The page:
Last night, my middle son, who is a senior in high school, had to write an essay on a "controversial art installation" . His teacher gave him the Viet Nam War Memorial as a starting point. He could then decide what to write about. So he began to look on the web for another conflict to interest him.
"I can help!" I told him.
Boy, could I. In the more than 37 years since I first set off to college to be an art major (and even before that), there have been countless controversies in the world of art. My mind started recalling several of note, including some I had serious problems with myself.
But I didn't need to go back in time. There is a far more current brouhaha unfolding day by day right near here in North Adams, Massachusetts. In fact, I had just read the latest the development in this NYTimes article: Is It Art Yet? And Who Decides?"
Maybe it is because I have spent the last 35 years working WITHIN BUDGETS and, even tougher, WTIHIN DEADLINES, but this whole turn of events has left me shaking my head. And my head shaking has NO pity for the artist.
When the Times article started off:
"WHEN a museum behaves badly, it’s never pretty. But few examples top the depressing spectacle at the Massachusetts Museum of Contemporary Art...."
I knew where this piece was going. And, honestly, I didn't like it.
I don't like it when artists lose their grounding on earth and start to orbit the planet, seemingly oblivious to the rules of common sense that most of us work by. I don't like it when artists become prima-donnas and give bad names to the rest of us who seriously work at what we do and who behave professionally.
As an illustrator ( and this also applied to when I was a fiber artist) I know the money I am given is more or less set, and that I need to get my artwork to press by a certain date. The publisher needs that predictability and profit margins can depend on it, not to mention public expectations. Why should a museum not have similar expectations? In a day when funding can be limited and needing to be open and having paying customers attend is key, what else could they do? Go under financially? For what? In the name of so-called art? I don't think so. Triple their alloted budget? Then what is left for other artworks?
Even though the audience may be different in this case, and we are not talking about periodicals or books, I do not understand why any artist would feel it appropriate to stray as far from those confines as Mr. Büchel seems to have.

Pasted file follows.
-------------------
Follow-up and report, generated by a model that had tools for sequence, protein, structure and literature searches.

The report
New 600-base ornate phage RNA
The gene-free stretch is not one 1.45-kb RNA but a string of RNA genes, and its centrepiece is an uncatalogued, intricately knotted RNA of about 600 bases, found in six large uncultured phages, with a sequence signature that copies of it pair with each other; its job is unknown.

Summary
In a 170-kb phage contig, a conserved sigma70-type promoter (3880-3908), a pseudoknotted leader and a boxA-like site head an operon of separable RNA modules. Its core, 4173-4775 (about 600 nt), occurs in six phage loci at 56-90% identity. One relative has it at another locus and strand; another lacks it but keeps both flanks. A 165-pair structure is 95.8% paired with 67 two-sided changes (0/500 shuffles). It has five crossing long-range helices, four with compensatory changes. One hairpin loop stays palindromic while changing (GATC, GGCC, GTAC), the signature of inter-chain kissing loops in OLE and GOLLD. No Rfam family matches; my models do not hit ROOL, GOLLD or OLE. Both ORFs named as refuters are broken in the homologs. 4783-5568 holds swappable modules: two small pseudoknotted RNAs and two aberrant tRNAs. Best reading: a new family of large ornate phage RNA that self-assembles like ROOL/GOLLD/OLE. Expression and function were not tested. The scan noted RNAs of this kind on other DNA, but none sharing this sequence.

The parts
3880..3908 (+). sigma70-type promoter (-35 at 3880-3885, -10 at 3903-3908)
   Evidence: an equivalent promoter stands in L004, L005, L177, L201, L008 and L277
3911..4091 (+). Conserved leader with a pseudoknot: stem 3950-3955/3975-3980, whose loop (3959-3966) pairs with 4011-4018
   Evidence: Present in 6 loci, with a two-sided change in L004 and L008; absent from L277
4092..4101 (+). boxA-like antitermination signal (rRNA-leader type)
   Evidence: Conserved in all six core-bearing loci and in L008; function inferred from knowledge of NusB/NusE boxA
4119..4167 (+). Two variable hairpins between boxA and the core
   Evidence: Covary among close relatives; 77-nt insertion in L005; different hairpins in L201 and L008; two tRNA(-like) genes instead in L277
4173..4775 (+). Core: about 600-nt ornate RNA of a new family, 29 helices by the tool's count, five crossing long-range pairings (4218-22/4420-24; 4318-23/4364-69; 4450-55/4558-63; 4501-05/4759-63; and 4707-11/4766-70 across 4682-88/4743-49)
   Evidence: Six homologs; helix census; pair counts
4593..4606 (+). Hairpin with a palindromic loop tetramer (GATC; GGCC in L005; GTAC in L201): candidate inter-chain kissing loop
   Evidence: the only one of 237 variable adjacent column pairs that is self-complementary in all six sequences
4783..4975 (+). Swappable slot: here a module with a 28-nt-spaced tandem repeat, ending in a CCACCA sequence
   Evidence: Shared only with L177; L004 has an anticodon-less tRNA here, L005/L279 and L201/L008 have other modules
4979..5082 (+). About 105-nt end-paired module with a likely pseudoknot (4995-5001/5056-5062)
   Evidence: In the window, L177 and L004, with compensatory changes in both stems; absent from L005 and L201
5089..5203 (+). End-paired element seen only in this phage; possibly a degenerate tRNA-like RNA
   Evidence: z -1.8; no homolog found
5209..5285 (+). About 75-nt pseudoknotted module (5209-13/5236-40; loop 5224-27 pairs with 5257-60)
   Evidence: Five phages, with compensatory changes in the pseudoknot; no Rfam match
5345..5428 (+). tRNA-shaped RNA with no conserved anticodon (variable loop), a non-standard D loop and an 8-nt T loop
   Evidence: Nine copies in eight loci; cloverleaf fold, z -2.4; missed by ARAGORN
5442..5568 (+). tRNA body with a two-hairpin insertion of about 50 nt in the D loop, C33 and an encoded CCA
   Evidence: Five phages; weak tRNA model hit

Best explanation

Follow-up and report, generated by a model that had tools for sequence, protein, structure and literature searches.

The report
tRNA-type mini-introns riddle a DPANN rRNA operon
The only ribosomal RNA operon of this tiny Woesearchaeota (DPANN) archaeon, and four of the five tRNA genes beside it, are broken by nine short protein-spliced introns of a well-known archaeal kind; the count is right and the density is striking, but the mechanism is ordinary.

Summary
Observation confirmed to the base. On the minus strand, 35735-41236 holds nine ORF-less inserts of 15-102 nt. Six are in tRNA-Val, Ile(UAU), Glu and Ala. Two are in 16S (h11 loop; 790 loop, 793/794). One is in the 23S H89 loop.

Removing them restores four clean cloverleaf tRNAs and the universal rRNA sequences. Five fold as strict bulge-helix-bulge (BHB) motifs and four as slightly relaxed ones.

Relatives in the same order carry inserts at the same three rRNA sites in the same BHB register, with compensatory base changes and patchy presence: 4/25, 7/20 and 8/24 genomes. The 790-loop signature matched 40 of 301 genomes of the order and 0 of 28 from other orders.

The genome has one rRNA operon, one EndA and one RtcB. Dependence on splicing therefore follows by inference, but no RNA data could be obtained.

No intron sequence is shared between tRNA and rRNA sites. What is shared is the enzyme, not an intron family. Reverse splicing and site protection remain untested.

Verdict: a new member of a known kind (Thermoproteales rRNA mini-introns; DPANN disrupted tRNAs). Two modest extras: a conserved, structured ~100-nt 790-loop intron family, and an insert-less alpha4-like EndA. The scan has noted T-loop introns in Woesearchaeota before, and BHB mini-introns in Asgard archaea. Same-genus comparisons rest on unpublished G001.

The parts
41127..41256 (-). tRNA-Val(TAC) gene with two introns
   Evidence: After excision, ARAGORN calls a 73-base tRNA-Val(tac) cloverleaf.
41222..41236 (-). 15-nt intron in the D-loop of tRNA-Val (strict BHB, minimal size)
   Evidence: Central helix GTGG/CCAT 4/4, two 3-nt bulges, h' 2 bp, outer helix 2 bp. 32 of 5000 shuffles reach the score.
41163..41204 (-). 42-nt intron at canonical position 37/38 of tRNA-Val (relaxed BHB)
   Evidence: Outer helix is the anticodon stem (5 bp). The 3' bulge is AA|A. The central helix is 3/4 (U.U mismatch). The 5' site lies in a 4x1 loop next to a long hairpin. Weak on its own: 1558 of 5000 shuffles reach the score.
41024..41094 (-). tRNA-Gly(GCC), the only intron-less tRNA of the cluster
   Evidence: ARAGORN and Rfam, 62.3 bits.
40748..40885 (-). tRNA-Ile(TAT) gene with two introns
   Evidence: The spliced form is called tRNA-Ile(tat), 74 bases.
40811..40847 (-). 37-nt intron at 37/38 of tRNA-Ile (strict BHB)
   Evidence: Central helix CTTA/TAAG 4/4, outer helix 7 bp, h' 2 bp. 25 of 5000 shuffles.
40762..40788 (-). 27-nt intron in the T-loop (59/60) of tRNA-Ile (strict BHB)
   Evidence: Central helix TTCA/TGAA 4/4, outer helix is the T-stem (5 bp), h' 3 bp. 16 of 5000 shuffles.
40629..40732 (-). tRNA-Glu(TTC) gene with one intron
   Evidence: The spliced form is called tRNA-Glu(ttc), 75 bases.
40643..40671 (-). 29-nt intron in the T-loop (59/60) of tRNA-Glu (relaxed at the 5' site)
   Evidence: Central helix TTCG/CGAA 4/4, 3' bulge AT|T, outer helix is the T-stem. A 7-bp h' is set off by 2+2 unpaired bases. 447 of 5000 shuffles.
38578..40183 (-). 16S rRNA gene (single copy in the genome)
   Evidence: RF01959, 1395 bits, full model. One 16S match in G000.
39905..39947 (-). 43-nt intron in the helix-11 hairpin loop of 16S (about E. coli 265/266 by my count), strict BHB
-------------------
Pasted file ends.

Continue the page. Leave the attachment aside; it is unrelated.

Apparently he sent a list of things for the museum to procure for him. This list included:
a two-story Cape Cod cottage
A leaflet-bomb carousel
and old bar from a tavern
a vintage movie theater
and banged up trailer, mobile home, bus and truck
And this was to be within the agreed budget of $160,000.00 And they added more and more again.
Now let's start off with this: if these items are to be important components of what makes this installation "ART", wouldn't it be incumbent upon the artist to get them himself? I mean--really. Surely, just ANY Cape Cod would not do. And were I looking for a vintage theater, I would be pretty damn picky as to which vintage theater I was gonna use. Who wouldn't be?
Mr. Büchel and the Museum will face off in Federal Court tomorrow when each will argue that the other has broken faith. Frankly, I hope there is a serious wrist slapping of Mr. Büchel. Get, real, buddy, and come down off the pedestal.
I know what you are thinking: suppose your work were displayed before it is finished?
Answer: it has been. Every time an "uncorrected proof" goes out to book reviewers, they see it precisely that way--unfinished! Not really top notch yet. So there. Ya don't see me having any hissy fit about it.
And that is precisely what it sounds like here--a hissy fit. Mr. Büchel simply walked off the set.
BTW, my son sides with the artist.